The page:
A realistic debut novella follows a dying teenager and the young doctor who cares for him.
Wu, a doctor, has fashioned a tale based on a true story. The plot revolves around 16-year-old Larry, who is dying of AIDS; he contracted HIV through a blood transfusion after he was shot in Memphis looking for his long-gone father. Enter an unnamed doctor: fresh out of medical school and following his Air Force girlfriend, he winds up at the Gulf Coast Family Health Center in Mississippi, a ramshackle, desperate place that survives on love and dedication. The clients are hardscrabble Southerners, the staff ridiculously overworked. The plot focuses not only on Larry’s difficulties, but also the travails of the young doctor, who was confident and egotistical at his Boston medical school and now copes with the real world of bare-bones budgets, well-used equipment, and culture shock. Diabetes runs rampant in the Mississippi woods, so the doctor must learn fast. His patients include Diane Johnson, who comes in for much-needed treatment but then disappears for weeks at a time, and Rosie Jordan, an extremely obese diabetic who leaves him touching, handmade gifts from “Your Little Cockroach.” Most of these stricken souls will not recover. Larry, a stoic patient who knows his life will soon end, and the empathetic doctor bond through their love of basketball. The teenage patient, shockingly emaciated, eventually dies, but with dignity. As a colleague says, “There was just something about Larry that made you feel a little better about yourself.” Illustrated with quaint pen-and-ink drawings, this polished novella gracefully evokes life along the Gulf Coast (the heat, the crawfish dinners). Wu, following in a long tradition of doctors who can write vividly, packs his poignant medical tale with believable relationships and convincing dialogue. Readers will have to decide for themselves whether Larry’s last wish is an appropriate and sufficient payoff. The real story, though, is not about Larry so much as it is the spiritual and moral education of the curiously unnamed young doctor. That is Wu’s best and most promising achievement. Readers should hope he has more stories to tell.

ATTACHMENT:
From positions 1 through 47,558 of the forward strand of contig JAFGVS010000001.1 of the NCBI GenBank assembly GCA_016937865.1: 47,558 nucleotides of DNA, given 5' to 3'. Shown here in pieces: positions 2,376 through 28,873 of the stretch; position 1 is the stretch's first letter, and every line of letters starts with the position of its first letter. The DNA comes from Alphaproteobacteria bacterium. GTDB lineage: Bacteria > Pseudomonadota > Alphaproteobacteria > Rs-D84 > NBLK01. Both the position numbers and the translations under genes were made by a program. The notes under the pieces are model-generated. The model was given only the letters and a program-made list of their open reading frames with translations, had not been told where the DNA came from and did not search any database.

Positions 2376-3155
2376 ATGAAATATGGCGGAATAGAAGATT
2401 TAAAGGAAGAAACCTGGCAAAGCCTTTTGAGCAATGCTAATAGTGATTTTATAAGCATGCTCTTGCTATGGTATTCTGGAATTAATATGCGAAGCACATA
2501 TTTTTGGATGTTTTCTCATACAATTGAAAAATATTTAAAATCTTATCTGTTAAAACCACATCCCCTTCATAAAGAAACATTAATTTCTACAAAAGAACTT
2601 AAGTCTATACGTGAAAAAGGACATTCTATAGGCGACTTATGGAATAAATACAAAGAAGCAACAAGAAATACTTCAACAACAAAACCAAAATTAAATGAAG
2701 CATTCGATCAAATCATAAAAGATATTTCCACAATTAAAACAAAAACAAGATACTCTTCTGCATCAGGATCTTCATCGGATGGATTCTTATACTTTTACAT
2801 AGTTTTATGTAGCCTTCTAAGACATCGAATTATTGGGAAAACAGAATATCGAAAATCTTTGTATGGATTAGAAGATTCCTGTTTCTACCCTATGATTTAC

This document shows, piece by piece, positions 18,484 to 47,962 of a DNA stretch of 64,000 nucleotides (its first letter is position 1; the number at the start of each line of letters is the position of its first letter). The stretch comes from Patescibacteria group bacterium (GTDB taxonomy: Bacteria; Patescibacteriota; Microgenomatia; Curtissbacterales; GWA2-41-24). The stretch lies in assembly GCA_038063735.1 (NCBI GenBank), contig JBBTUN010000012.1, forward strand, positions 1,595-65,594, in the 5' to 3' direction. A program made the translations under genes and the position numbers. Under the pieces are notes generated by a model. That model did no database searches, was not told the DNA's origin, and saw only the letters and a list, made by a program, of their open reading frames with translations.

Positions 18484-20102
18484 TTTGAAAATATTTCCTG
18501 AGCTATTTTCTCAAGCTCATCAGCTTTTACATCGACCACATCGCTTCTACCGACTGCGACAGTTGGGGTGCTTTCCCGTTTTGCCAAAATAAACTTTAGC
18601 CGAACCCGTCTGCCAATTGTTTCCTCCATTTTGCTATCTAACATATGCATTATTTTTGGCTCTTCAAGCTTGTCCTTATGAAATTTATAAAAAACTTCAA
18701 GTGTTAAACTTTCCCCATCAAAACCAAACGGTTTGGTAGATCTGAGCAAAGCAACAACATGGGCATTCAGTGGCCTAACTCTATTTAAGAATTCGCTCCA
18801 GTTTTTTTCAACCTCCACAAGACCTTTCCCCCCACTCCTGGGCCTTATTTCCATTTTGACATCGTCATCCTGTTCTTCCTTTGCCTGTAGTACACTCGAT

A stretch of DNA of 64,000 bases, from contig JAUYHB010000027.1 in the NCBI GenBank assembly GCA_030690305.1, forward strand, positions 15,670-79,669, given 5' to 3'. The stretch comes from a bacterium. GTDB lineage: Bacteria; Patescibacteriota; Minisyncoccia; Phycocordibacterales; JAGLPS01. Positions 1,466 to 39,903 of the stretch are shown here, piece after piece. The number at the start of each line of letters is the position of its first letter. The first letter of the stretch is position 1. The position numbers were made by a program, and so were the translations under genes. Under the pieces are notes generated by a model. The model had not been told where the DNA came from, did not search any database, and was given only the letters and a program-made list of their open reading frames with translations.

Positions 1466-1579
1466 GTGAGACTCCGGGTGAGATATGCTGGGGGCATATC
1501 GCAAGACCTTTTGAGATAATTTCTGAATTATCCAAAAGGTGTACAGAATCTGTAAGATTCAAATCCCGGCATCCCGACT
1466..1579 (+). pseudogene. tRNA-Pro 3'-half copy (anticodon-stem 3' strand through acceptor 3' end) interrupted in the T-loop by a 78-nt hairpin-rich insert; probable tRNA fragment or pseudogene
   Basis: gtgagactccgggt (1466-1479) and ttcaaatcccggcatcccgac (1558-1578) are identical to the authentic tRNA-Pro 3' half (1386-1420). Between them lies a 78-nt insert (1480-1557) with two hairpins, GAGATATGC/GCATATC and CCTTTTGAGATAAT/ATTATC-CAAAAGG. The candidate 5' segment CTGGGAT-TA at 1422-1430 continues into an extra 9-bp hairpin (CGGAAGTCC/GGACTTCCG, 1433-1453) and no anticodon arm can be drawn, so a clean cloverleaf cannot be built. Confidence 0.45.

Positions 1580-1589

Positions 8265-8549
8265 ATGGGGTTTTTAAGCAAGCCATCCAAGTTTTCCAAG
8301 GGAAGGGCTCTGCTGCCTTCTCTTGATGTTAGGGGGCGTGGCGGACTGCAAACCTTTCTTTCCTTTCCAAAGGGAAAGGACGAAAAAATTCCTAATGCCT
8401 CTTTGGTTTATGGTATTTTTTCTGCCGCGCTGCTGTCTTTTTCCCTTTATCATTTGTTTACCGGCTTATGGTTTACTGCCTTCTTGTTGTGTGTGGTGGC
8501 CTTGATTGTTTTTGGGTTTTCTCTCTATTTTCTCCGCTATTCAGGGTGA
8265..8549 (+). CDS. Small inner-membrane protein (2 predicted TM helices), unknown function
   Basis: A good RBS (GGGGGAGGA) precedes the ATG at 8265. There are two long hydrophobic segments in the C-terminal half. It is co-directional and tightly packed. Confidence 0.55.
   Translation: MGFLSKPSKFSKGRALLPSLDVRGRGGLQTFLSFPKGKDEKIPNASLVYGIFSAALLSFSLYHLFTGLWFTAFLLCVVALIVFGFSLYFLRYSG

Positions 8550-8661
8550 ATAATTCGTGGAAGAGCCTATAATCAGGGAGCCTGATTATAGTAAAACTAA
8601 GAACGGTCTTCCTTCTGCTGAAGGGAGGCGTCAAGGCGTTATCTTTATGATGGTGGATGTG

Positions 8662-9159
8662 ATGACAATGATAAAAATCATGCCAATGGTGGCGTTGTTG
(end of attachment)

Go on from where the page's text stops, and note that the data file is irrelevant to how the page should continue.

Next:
A touching, elegant novella about the struggles of an overworked doctor.